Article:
Monday, May 28, 2012
Solution by Tony Leukering
The quiz bird's thin bill, underparts streaking, and extensive white on the outermost rectrices (R6s) -- including the outer web, should send us straight to the pipits (most warblers with extensive white in the R6s have that white on the inner web). Our bird's strong and flaring lateral throat stripe reduces our options to American, Olive-backed, and Red-throated pipits. While many American Pipits lack such strong lateral throat stripes, some sport such, so the species remains in the mix. Red-throated Pipit can be eliminated by our bird's long tail and underparts streaking that is not black enough for that species. Olive-backed Pipit would also show blacker streaking in addition to a whiter ground color on much of the underparts, as well as a more-distinct and whiter superciliary.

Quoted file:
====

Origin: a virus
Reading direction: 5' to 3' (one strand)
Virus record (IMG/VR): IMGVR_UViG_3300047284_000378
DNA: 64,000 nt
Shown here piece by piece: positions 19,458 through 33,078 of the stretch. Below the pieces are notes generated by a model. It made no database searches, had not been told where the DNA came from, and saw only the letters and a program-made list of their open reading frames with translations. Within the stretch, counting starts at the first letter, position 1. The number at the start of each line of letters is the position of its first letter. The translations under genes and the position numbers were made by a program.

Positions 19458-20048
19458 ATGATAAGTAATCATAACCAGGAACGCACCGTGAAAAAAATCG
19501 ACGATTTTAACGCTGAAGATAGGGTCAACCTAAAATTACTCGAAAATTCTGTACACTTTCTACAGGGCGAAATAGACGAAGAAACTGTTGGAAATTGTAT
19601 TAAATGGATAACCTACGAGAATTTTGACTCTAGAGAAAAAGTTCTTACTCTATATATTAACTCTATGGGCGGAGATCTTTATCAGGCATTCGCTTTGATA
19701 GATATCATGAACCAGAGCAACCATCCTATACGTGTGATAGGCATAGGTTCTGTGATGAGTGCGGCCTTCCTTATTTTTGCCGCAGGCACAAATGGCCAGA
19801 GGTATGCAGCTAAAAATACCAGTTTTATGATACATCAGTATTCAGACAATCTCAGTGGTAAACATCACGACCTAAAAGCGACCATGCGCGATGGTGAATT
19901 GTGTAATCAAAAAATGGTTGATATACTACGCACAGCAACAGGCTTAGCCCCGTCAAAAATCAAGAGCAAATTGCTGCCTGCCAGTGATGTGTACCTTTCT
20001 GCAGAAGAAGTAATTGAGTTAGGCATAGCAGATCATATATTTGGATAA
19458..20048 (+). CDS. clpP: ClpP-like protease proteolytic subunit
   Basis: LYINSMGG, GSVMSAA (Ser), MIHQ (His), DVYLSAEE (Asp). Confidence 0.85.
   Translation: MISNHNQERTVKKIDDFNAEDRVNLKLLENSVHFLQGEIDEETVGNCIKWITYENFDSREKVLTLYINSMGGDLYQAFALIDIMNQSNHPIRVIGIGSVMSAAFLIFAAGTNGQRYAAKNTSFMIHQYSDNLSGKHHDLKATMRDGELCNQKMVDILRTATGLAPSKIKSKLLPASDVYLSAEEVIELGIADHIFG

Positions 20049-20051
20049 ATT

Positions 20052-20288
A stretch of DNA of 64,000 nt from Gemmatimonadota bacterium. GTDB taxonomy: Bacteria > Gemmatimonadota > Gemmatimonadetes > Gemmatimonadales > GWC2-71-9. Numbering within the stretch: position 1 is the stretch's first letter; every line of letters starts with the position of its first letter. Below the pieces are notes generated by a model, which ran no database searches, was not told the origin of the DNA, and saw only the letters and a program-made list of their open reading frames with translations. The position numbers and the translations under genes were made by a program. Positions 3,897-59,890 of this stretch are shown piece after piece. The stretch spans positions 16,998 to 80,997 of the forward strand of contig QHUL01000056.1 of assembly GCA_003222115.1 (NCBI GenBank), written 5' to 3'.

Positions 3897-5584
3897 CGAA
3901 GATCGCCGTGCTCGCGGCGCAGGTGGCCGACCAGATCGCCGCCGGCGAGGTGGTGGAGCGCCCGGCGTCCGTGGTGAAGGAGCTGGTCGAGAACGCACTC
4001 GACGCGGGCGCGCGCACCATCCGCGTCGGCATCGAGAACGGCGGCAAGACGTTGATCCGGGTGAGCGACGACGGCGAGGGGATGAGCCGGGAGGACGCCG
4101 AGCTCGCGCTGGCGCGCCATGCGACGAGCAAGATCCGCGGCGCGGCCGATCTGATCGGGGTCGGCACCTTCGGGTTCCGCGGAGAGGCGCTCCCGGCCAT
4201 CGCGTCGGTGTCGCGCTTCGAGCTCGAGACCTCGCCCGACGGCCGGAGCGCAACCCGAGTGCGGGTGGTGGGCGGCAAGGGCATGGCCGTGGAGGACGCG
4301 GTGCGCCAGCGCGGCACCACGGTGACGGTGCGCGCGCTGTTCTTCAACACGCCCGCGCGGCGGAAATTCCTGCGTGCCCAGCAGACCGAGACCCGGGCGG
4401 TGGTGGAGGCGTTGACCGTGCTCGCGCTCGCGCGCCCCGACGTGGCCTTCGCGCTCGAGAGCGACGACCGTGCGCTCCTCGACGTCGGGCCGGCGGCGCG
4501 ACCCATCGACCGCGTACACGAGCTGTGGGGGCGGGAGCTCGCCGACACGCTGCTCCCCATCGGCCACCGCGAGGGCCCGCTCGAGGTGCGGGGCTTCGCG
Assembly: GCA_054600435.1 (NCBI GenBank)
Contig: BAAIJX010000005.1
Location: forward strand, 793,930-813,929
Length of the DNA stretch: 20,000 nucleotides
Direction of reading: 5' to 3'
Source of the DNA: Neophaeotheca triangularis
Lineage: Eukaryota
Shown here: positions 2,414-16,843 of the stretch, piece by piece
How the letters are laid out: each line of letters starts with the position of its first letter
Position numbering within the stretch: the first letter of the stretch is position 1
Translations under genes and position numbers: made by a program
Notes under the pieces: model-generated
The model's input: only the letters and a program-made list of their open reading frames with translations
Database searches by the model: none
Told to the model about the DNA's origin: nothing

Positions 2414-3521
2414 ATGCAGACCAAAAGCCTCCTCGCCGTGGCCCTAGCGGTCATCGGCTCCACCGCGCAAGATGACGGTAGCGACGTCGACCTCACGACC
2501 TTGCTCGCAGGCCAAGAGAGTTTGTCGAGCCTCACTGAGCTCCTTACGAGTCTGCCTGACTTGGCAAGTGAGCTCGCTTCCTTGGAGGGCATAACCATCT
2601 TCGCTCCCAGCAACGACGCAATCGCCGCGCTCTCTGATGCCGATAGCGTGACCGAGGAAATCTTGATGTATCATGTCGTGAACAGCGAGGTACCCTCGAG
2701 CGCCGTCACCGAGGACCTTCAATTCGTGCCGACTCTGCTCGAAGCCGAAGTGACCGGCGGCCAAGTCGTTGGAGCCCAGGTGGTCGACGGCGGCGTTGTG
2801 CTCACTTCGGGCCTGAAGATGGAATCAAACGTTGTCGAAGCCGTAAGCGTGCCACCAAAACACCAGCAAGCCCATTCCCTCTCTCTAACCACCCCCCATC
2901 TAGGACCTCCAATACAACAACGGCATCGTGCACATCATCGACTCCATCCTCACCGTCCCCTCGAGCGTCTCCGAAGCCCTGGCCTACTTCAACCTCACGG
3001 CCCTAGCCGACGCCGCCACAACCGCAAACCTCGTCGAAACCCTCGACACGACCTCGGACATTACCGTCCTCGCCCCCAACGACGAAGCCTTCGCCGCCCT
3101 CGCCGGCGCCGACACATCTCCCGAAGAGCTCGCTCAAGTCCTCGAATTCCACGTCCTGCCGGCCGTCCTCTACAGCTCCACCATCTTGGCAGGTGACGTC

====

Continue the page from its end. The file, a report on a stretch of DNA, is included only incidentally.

I took this picture of a basic-plumaged American Pipit at San Diego, San Diego Co., CA, on 7 October 2011.
We've got a real pressure-cooker going in this quarter's competition, with three respondents tied with perfect 9-of-9 scores: Ben Coulter, Bryan Guarente, and Robert McNab. Five others are right on their heels with 8 correct responses.
Incorrect species provided as answers:
Vesper Sparrow - 1
Red-throated Pipit - 1
Sprague's Pipit - 2
Blackpoll Warbler - 1
Congratulations to the 20 of 25 getting the quiz correct:
Answer: American Pipit